The Wind’s Measure
The length of the wind runs from mid-May to murder.
The length of the wind runs from January through joy.
The wind runs as long as the right hand’s first finger
points to the sun after thunder.
The wind gallops prayerward
like a horse held in the palm of a rock,
no taller than a knee bent for the sake of singing.
The wind weighs more than the fossilized horse and stretches from
fingernail to praise.
The length of the wind runs from mid-May to mercy, January through justice.
Unto the broken, dwelling in a broken, promised land, the wind drops a hammer
and some are warmed and some are chilled and some laugh and some die.
Silently through the nuclear physicist, the wind wicks
loud as paper-scraps trailing in the wind’s wake,
igniting an empiricist, fragrant through tallow.
The wind strikes the wind like rice in a paddy.
The wind scatters petals like blossoms of napalm.
The wind snaps the backs of malnourished Conquistadores bowed down to gold.
It is the wind who estimates poverty in moments by the method of moments,
who assesses want in units of amass.
It is the wind who shakes America by the ovaries,
runs the length of revolution, all the calories in a dollar.
The length of the wind runts from mid-March to hunger.
The length of the wind grunts from Saturday through sorrow.
The wind flutters nothing but orgasms and afterplay.
The wind numbers seminarians more numinous than semen.
The wind is a mote on the wind.
The wind is the dust that measures time in footsteps.
The wind is the word in the throat of the dust.
The length of the wind runs from midwife to marvel.
The wind ribbons out within mid-May and mourning and dust
is the voice the wind whickers glory, the wind whickers grief.
First published in Poetry, February 2009
Gills sprung, some pop
when they kiss the crucifier.
Mouths trigger, huge as buckets,
bodies arch sideways all their length,
and every fin flares from pectoral to caudal.
Inboard from gaff and roller, the longline
crackles under strain, steadily threading its machined
narrows. Cod lips hit the slot, hooks rip free, leaving
cantilevers of jaw in ruin, and fish thresh crisply,
skidding the chute to the tank, lashing like little storms.
Ruptured up from depth, each crosses the rail
busted in its guts as gasses expand until the swim-
bladder blows mesentery, living gaskets torn, anal flues
breached, dying even as hydraulics crucify
by kiss. Circle-hook after circle-hook
wrenches from flesh and flesh
sloshes the bleeding trough.
Charles tips his blade into membrane ahead of the collar,
dividing blood from cod.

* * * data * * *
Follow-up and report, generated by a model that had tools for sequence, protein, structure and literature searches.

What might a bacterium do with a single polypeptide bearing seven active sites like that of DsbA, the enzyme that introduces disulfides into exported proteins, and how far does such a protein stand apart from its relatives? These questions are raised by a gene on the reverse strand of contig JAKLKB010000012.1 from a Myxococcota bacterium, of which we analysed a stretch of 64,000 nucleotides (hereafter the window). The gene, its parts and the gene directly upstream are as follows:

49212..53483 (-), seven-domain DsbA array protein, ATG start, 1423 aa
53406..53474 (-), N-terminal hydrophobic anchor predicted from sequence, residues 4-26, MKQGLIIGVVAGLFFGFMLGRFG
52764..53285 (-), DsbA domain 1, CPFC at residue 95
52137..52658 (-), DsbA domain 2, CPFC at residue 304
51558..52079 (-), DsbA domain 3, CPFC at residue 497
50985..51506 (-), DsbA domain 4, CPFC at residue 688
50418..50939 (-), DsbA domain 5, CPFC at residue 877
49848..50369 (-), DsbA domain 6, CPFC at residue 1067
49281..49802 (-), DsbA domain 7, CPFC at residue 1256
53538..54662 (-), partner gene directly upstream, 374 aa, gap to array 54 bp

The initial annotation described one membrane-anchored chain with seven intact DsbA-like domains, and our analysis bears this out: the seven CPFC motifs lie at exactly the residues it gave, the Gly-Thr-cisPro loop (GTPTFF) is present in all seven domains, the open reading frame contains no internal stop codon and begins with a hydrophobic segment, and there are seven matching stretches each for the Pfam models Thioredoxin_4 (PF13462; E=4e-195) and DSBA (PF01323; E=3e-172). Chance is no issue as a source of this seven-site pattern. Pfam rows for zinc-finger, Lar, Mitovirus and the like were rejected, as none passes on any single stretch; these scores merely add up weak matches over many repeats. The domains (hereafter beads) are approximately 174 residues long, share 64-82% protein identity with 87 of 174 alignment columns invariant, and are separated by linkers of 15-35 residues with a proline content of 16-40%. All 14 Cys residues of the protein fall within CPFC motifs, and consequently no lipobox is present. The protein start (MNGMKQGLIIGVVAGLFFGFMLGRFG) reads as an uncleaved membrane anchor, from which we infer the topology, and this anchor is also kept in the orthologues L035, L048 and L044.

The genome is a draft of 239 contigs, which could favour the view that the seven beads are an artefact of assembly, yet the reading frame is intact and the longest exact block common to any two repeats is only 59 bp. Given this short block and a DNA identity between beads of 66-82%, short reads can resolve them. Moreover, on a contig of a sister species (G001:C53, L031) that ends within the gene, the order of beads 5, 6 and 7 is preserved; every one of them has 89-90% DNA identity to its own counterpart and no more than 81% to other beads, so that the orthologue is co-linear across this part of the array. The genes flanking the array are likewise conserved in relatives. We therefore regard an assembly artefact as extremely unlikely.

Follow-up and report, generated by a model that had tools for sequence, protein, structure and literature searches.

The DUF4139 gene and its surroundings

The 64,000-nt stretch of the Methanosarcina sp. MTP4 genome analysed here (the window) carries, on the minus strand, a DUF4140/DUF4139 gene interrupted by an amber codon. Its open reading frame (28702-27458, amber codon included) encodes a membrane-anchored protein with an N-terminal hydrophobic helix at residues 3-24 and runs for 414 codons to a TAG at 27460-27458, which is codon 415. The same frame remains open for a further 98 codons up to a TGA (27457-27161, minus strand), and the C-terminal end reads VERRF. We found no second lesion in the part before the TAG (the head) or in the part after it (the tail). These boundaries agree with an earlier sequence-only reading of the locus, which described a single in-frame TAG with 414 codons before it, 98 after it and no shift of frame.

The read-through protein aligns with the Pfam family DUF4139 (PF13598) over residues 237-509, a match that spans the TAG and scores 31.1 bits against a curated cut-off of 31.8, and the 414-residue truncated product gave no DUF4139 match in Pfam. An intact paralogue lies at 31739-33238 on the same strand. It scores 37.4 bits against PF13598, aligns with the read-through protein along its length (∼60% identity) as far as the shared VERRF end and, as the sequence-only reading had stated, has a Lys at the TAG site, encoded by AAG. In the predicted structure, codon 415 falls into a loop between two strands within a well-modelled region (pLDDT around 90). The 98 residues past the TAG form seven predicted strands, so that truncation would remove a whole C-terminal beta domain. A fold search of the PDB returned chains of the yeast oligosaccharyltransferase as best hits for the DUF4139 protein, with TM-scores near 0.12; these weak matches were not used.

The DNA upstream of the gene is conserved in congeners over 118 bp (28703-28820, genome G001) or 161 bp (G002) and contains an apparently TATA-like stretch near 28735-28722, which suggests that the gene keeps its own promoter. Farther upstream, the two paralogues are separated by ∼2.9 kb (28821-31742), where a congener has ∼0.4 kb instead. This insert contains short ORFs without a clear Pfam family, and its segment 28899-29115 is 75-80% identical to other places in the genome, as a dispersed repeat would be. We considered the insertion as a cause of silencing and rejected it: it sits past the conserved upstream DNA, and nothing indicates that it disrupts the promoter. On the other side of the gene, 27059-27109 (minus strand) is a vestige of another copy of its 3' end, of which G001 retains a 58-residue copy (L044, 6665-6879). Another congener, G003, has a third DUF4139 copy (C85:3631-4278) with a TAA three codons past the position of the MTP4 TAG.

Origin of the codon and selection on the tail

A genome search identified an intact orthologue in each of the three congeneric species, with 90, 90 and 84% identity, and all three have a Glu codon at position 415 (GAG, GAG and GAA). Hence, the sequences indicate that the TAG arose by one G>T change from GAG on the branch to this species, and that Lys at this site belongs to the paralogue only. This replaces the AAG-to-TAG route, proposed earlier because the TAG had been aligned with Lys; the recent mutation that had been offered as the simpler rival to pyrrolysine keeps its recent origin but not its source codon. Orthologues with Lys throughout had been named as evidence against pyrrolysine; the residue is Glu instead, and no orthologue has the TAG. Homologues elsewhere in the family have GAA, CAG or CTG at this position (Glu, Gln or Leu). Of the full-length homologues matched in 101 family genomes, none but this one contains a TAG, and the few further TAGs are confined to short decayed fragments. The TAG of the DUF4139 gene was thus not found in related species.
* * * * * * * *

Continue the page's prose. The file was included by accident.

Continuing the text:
Miguel touches bright steel through a sluice
of crimson abaft the last gill raker.
Drew lifts an edge honed along fifty-eight degrees north,
slips it perpendicular to the isthmus,
working arc-wise right toward his own grip.
Operculum rifts from pectoral girdle
when Matthew's knife-hand sighs through
as if to release light glyphed in a red spurt.
Shift relieves shift.
The inclined conveyor grinds to starboard.
Mist, frosted adrift of its plate freezer, slews
outboard, swaddles the bleeder, then separates.
Sometimes blood, dead for hours and pooled
in the heart sac, suddenly blackens the trough,
plumed somber as predawn tilted cold
upon metal smelted to sheet and weld.
Sometimes still-living blood pelts
like stormlight loosed from its furnaces
and drawn gusty under nimbus, decrypted, unflumed
from the large-bore artery charged by the gills.
Scarlet curdles to steelwork until the deck hose
peels color away, flushed to the sumps.
At last, a few twitches of muscle,
the cod pumping out as it rides prongs
up the conveyer, final crimson
frayed and hanging in scraps, clotted and swaying
from the grating of the belt, blood-shreds
draped over bolt-heads like some wrecked lace
once knotted from a thread
out of the dark of a world
unseen, the axle of which turns unseen.
At the end of his sixteen hours,
Charles gazes past his left hand,
a claw drawn to.
His left elbow hitches sharply,
recalling every broken jaw, every neck plate
forced and parted. Stiff ligaments
articulate a body of law spoken in salt,
a story of sea chamber and torn aorta
and muscles knotting in his lower back. A legacy
ancient as hunger, no older than fear. Sunrise
blusters ragged at the end of watch.
The day tatters, bleeding out
as if nicked by steel,
the man become mere matter.
F/V Alaska Mist
October 2008, B-Season
First published in the Beloit Poetry Journal, Summer 2009, Vol 59, No 4